A week later Williams requested a pencil and some paper, which Peoples gladly provided. When he caught Williams scribbling away after the other prisoners had gone to sleep, he saw that Williams was doodling instead of composing a letter. Peoples was disappointed at first but then noticed “the hard, bitter eyes were softening. Whatever he was doing, it was making him a little happier.”

Williams’ knack for fixing hopelessly broken-down machines earned him a coveted job running the metal shop. One night Peoples walked in on him slaving away with draft instruments; drawing boards and sketches were scattered everywhere. Williams made no effort to hide his handiwork, and the two men looked at each other for a moment.

“It’s…a new kind of gun,” Williams said. Then he broke into a rare grin. “Don’t worry, this has nothing to do with an escape. I wouldn’t try to escape now if the gate was wide open. I’ve got too much work to do, and this is a good place to do it.”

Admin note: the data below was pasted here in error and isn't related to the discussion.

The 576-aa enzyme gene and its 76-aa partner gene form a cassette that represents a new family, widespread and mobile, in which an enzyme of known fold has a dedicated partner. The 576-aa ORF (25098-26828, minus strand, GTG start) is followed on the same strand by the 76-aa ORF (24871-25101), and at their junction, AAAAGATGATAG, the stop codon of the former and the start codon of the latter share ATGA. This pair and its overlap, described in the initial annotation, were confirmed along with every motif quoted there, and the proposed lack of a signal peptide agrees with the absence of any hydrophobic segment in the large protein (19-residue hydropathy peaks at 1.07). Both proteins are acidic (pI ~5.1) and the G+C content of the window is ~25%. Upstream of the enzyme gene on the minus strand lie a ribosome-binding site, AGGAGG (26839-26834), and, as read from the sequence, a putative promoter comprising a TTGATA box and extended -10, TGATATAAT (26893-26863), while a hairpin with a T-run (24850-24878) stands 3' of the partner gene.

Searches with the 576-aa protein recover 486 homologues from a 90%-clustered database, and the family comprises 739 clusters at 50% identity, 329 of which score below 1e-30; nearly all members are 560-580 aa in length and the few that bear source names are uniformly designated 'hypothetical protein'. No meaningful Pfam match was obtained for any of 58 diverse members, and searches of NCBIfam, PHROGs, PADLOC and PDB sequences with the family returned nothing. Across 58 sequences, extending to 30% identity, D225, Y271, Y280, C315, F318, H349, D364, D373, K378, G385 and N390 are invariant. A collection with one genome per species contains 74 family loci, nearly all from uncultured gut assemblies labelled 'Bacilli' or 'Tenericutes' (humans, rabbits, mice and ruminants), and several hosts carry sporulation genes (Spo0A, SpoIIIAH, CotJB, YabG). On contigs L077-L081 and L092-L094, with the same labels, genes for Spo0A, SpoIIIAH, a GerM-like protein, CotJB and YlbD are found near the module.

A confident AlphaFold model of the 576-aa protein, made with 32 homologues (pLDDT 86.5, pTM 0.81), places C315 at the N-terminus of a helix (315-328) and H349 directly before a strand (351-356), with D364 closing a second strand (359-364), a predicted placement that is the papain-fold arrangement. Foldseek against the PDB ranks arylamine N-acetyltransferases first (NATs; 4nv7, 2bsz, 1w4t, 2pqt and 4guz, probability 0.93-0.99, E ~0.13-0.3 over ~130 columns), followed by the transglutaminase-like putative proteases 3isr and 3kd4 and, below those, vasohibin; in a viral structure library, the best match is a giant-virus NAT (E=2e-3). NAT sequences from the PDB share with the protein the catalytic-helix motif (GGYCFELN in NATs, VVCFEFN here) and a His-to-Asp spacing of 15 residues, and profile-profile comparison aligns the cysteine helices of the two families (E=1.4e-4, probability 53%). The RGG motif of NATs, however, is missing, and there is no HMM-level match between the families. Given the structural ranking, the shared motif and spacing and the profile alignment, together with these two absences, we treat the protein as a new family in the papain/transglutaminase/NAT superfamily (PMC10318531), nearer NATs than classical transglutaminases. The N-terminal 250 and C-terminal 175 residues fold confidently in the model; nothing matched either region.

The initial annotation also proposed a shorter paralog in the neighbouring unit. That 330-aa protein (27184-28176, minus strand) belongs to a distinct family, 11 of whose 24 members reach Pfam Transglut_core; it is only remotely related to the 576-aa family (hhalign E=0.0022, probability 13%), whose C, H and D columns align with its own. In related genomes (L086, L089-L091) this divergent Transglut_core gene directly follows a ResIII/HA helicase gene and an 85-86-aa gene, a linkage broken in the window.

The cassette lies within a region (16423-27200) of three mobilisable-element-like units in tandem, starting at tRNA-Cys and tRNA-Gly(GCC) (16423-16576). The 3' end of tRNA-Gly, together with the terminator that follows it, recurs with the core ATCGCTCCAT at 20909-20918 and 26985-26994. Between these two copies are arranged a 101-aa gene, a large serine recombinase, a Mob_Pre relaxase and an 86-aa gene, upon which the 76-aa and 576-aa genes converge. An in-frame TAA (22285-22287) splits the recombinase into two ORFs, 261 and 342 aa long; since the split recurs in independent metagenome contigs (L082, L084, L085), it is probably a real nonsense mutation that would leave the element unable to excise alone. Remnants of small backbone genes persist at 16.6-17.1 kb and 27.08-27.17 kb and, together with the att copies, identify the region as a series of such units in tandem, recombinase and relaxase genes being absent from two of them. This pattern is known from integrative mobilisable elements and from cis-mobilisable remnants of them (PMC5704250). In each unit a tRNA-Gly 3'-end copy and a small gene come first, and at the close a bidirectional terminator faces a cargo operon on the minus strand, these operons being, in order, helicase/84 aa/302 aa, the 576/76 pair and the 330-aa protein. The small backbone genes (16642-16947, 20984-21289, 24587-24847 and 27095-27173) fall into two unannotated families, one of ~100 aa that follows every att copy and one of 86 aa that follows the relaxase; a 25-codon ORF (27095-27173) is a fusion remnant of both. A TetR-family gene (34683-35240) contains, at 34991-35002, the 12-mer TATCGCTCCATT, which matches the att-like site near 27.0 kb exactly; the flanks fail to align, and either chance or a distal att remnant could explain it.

Superintendent Peoples not only encouraged Williams to keep at it but allowed him to pick through the prison junkyard for parts. Williams plunged in, collecting old tractor axles, Ford drive shafts, walnut fence posts and other scrap items that he filed down, pieced together and manipulated to construct half a dozen rifles. Guards stopped by to have Williams work his magic on their guns, too, whenever they needed repairs.

And it was at Caledonia that Williams constructed the prototype of what would become his most influential innovation: the short-stroke piston. In early models of semiautomatic carbine rifles, the entire barrel kicked back almost four inches to hit the breech mechanism. Williams cut that to one-tenth of an inch without losing substantial firepower. “You know how you can hit one croquet ball a long distance by holding your foot on another ball and transmitting the shock of the mallet?” Williams explained to Peoples. “It’s the same idea.” This alteration alone led to the production of a shorter, lighter and more dependable rifle: the M1 carbine.

“I didn’t know it then, of course, but what this young prisoner was telling me that night would one day be considered by firearm experts one of the most revolutionary advances since Browning’s development of the machine gun,” Peoples later wrote.